The things you do wrong in life... they haunt you...
On the day that Daphne Greengrass died she was three weeks from her twentieth birthday. Her mother and sister had been planning a small party; a garden brunch with all of Daphne's favourite things - cucumber sandwiches, mimosas and the small wizarding orchestral quartet that they could never recall the name of.
The guest list was small and private; a few of Astoria's friends, a few family members and everyone they knew Daphne would have wanted invited, and the dress code was white. Neither Astoria nor Victoria Greengrass could foresee that their guest list would not change, but the dress code most certainly would.
You are cordially invited... to Daphne Greengrass's closed-casket funeral.
As the sun rose on what would be a beautiful day, Daphne herself was sat up in bed. As usual she had only managed to get a few hours of restless sleep, and yesterday's makeup had rubbed off on her pillow to make the perpetual dark-circles beneath her eyes both clear and ugly. Her hair was unwashed, scraped back into a braid.
She was thinking about the farmer's market on Wednesday, when she had seen three of her old schoolfriends for the first time in months. They had been strolling through the stalls, glancing at hanging herbs and flowers as they chattered about everyday life in a way that Daphne hadn't been able to since she had graduated. He was still winking at the pretty witch on the spice stall. She still had luxorious hair and a wonderful smile. He was still doing a dumb little dance as he walked in a way that had once made Daphne's stomach flutter.
When they saw her, they stopped. They approached. Their eyes still smiled like hers never could, but they betrayed themselves. They had heard of her therapy sessions, of the fact that she rarely left her parents' home and hadn't attempted to contact anyone from school since her graduation.
Pansy spoke first, moving to wrap her slender arms around her old friend. "Daphne! Long time no see!"
Daphne vaguely recalled resting her arms around Pansy's narrow waist in response to the hug and breathing in the strawberry scent of the other girl's hair. When she pulled away Nick Gallow clapped her gently on the shoulder, as though she was one of the glass ballerinas he used to tease her for collecting in their fourth year. His bright blue eyes and charming grin didn't stir her heart like they used to. All she could see was an accomplice.
Teddy Nott just inclined his head. They had never been particularly close, and Daphne could tell from the look in his eyes that he was a little bit freaked out by her. He must have heard the rumours.
"How have you been?" Pansy asked. "We haven't spoken since graduation!"
Daphne looked around at them all and realised what selfish beings they were, if they could really go on with their lives pretending nothing had happened. She had an urge to reach back her hand and slap Pansy across her pretty, oblivious face; to push Teddy away and hit Nick until he realised that it wasn't okay for them to feel so okay.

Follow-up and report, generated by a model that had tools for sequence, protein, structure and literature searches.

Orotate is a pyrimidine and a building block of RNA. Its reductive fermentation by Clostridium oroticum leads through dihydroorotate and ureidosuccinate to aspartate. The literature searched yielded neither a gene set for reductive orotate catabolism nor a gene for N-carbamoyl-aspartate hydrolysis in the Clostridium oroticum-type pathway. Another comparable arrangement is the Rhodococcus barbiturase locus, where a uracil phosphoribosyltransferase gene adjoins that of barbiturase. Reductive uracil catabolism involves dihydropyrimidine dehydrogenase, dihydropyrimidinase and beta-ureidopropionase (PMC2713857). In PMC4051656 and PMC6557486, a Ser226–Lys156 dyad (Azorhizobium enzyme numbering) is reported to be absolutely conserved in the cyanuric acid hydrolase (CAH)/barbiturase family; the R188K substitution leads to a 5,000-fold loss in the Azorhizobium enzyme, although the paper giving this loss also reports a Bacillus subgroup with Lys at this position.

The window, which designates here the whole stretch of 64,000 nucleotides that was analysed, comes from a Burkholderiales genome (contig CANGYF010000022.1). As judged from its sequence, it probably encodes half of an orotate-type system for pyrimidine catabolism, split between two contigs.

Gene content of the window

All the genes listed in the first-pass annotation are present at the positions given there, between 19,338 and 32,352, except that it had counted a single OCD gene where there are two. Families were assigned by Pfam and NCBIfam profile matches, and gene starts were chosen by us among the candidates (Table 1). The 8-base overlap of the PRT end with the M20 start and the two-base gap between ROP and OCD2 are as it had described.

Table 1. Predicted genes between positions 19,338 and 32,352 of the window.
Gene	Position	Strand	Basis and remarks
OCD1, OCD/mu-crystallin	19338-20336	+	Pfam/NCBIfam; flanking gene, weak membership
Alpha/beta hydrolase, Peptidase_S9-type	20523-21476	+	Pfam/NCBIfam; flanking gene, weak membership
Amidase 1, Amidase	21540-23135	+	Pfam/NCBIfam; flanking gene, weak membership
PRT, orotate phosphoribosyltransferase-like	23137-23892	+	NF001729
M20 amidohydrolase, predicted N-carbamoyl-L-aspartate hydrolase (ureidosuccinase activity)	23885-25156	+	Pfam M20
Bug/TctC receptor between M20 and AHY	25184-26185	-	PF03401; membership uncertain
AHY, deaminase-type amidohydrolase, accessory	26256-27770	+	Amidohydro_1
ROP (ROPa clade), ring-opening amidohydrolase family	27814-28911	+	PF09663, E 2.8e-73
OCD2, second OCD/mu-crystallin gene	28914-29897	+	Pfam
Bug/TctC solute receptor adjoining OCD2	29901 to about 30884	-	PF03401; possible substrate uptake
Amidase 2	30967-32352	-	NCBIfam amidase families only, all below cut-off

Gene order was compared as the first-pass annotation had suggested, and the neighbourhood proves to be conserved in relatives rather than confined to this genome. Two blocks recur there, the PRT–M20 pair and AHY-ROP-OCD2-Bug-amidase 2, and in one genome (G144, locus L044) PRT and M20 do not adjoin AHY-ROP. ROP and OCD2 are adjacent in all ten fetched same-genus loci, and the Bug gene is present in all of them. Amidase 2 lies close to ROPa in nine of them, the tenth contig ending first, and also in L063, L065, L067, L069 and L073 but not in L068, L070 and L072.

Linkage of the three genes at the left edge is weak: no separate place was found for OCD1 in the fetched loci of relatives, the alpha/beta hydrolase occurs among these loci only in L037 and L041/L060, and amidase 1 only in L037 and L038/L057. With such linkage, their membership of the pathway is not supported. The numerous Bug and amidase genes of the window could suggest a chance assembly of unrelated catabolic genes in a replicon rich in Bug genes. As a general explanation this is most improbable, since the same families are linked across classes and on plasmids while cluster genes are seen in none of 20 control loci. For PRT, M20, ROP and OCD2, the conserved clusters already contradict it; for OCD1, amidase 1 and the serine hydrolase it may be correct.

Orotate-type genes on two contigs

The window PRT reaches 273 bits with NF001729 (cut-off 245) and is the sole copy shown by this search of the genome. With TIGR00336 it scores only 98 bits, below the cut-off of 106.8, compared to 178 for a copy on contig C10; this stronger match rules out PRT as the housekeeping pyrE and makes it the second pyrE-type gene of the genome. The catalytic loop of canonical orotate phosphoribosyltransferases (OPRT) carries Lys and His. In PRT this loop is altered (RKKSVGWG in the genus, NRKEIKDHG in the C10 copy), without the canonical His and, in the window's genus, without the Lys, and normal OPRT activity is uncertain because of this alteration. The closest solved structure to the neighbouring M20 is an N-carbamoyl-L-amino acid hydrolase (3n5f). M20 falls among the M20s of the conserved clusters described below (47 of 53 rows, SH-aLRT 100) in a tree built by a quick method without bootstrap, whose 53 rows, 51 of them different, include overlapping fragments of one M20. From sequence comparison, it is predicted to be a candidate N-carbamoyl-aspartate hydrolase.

She didn't. Instead, she put on a smile so fake it hurt. "I've been really busy with stuff." she lied. "How about you guys? How are you?"
She was brightly informed that they were all doing just perfect - Pansy was enjoying the freedom of her father's manor, Teddy was on a league Quidditch team and Gallow's Uncle had died last summer leaving him a vast inheritance. While Daphne barely left her childhood bedroom, becoming a ghost of her former self.
Then they parted ways, with Pansy making Daphne promise to get in touch. By the time Astoria found her, Daphne had been standing motionless in the middle of the market for over fifteen minutes, fists clenched and eyes swimming with tears. She had to be dragged back to the carriage.
"I still hear the screams. We just... when they evacuated the school... we just... just stood on the grass with everyone else. All we could do is stare up at the castle... at the fire coming from the windows... then someone jumped... and I... I could hear everyone else scream and I remember screaming with them because no-one could stop the girl from falling and I saw her break when she hit the ground and I can't live with this in my head anymore! I don't know what to do!!"
Healer Garson looked at her. He looked at the nineteen year old girl curled up on the chair with her hands clenched into claws and her eyes bloodshot and filled with the sorrow of a thousand widows. Daphne Greengrass was falling. And he didn't know how to help her.
The maid found her. Responding the usual yawn of 'Rosmary, bring Daphne down for breakfast would you?', she had ascended the stairs and strode into Daphne's dark bedroom without a second thought, heading for the heavy drawn curtains.
"Good morning miss," she said, pulling the curtains apart and letting brilliant light flood the stale room. "Time for-"
When she turned, Daphne was sat up in bed. Lank blonde hair was falling across her face. Dead blue eyes were wide and staring down at the stained bedsheets. A crusted mixture of vomit and blood had dried around her mouth and chin, the tell-tale sign of the toxins she had swallowed only an hour earlier.
Rosemary screamed like a banshee and ran out of the room.
When they told the funeral guests what had happened, Victoria Greengrass would tearfully inform them that one of the maids must have accidentally dropped something into Daphne's water. Daphne had been fine, she told them. A lively and beautiful girl with a prosperous future ahead of her...
... what she didn't include was the past Daphne had left behind her.
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